October 17, 2019

Photo by Wilson Hui, CC BY 2.0

Many Canadians like to start the day off with a milky brew at one of nearly 4,000 Tim Hortons coffee shops across Canada. Some of us have felt good about the fact that our beverage contained an emblem certifying “100% Canadian milk.” After all, the Brazilian-owned “Timmy’s” has long hoisted the Canadian flag as part of its brand-building efforts. 

However, unknown to most, there is a separate distribution system that gets Tim Hortons bottled iced coffees to some 10,000 corner stores, supermarkets and gas bars. These drinks are made with milk from the United States. It’s supplied by U.S. based Fairlife/Coca-Cola. Ottawa quietly gave its blessing to this plan back in 2018 by providing a five year licence to the corporations involved. Last to know about this scheme – and only after it was a fait accompli – were Canadian dairy farmers. Many Tim Hortons iced coffee fans still don’t know.

September 30, 2019

A tectonic shift in climate politics just happened. 

Millions of people mobilized to demand climate justice, a just transition, and a Green New Deal. The recent climate strike was the largest climate protest in history, with an estimated 7.6 million people participating on every continent around the world from September 20-27.

Comox Valley

According to the Global Climate Strike website, there were 6135 actions in 185 countries, involving at least 73 trade unions (including many in Canada) and 820 organizations.

September 28, 2019


B.C.’s groundwater is under threat.

Exports of bottled water from B.C. to the United States increased 1,460% between 2008 and 2018. This is an outrageous trend that has to end.

Municipal governments throughout B.C. and First Nations have just passed a resolution calling on the B.C. Premier John Horgan to stop issuing water licences to commercial water bottling operations in the province.

The resolution passed after Council of Canadians supporters like you and thousands of other B.C. residents flooded mayors’ and city councillors’ mailboxes, pushing for its adoption. Thank you to everyone who took action!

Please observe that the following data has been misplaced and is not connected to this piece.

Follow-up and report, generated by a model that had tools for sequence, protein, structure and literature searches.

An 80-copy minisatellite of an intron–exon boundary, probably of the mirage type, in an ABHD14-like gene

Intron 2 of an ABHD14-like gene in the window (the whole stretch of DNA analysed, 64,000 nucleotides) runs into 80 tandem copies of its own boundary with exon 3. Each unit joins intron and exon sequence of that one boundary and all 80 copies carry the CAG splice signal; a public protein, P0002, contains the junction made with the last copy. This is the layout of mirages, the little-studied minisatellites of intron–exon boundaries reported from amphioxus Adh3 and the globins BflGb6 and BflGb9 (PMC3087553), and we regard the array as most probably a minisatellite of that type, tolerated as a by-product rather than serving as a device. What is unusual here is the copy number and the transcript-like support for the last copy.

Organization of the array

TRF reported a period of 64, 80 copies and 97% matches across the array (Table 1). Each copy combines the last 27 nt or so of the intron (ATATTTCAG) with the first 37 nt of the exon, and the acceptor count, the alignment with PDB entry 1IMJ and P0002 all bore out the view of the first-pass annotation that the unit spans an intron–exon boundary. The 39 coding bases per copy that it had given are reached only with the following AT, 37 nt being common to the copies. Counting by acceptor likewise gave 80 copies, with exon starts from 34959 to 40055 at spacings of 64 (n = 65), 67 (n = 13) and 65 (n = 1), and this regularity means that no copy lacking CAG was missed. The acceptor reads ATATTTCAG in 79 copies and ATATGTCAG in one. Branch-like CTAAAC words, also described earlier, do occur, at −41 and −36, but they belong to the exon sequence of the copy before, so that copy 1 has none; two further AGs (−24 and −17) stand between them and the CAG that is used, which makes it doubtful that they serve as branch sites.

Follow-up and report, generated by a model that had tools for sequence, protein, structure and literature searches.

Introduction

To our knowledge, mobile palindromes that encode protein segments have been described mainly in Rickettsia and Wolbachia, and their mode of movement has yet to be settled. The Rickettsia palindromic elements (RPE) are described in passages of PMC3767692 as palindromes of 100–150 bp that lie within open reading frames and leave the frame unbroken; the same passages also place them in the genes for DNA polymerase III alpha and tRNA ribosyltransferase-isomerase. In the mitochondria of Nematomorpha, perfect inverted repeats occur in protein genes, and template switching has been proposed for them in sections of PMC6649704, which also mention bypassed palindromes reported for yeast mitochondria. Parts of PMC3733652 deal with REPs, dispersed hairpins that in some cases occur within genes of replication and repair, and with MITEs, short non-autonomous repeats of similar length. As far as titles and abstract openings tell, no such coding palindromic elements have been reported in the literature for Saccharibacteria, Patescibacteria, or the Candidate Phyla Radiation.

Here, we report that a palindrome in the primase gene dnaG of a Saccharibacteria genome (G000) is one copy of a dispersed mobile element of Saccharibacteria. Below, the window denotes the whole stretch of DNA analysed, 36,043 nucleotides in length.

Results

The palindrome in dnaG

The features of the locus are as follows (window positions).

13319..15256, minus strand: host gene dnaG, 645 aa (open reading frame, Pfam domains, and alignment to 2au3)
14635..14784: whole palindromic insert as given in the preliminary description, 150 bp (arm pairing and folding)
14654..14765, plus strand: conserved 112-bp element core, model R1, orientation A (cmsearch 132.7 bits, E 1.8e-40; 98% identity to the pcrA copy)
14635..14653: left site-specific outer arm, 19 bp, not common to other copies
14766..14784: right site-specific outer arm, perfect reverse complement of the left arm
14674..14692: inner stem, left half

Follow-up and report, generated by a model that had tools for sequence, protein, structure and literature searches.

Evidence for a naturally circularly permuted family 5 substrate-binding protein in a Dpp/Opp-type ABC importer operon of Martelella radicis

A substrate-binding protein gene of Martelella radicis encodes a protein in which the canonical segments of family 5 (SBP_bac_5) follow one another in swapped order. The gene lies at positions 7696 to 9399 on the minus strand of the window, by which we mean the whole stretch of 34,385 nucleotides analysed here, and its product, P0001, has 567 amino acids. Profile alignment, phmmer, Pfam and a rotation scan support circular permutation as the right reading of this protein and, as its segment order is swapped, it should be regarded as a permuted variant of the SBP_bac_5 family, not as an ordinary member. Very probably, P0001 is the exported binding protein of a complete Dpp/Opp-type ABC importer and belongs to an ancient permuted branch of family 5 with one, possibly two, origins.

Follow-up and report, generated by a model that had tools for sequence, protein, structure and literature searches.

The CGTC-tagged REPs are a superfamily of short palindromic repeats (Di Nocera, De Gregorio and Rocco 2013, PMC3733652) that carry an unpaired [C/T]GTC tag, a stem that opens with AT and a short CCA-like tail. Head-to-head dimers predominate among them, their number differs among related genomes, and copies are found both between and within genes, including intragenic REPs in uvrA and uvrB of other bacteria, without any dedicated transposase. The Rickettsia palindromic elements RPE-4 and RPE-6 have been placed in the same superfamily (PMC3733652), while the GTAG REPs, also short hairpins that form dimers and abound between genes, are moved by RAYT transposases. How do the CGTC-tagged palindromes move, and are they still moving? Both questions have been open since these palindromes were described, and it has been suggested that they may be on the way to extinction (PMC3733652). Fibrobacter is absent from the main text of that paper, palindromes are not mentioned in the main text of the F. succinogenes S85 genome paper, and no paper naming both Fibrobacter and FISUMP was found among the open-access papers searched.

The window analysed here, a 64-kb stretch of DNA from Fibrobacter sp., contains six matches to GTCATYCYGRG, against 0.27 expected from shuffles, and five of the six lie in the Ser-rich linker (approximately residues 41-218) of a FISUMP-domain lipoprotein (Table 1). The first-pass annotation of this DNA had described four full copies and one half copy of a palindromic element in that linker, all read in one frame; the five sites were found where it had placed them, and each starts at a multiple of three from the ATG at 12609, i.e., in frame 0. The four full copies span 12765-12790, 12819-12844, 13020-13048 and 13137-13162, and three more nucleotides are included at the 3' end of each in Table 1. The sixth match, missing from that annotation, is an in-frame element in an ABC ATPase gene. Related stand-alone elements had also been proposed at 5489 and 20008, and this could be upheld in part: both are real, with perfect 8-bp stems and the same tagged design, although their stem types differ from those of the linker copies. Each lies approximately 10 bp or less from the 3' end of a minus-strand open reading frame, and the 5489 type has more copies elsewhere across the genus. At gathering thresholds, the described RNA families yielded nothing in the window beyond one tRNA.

You can help support their call by writing to Premier Horgan now and demanding the B.C. government stop issuing licences to greedy water-bottling companies.

September 27, 2019

Margaret Atwood and Graeme Gibson and pictured speaking at an event in Albuquerque in 2009.

The Council of Canadians mourns the passing of Graeme Gibson, author, educator, activist, friend and founding member our of organization. Gibson passed away on September 18, 2019.

“Graeme was a fighter for environmental justice and for the planet. His passion for the natural world informed his life’s work,” said Maude Barlow, Honorary Chair of the Council of Canadians. “We will miss him very much.”

In addition to his environmental activism, Gibson was a passionate advocate for writers and writing. He served as the past president of PEN Canada and a founding member of both the Writers' Union of Canada and the Writers' Trust of Canada, a non-profit literary organization that seeks to encourage Canada's writing community.

In 1992, Gibson was invited as a Member of the Order of Canada in recognition of his life’s work.

September 27, 2019


As reported by the Guardian, long-time Council of Canadians activist and former Board member Leo Broderick “often gets up on a soap box, but never tries to put himself on a pedestal.”

Broderick was one of three inductees into the Order of Prince Edward Island. He accepted his award at a ceremony earlier this week.

He was described as “a man outspoken and well-informed on social justice and environmental concerns but one also respectful of the opinions of others.”

Broderick, a former teacher, told The Guardian he was “shocked’’ when he first learned he was selected this year as a member of the Order of P.E.I., which puts his name on a list that includes pioneer doctors, renowned entrepreneurs and heralded former political leaders.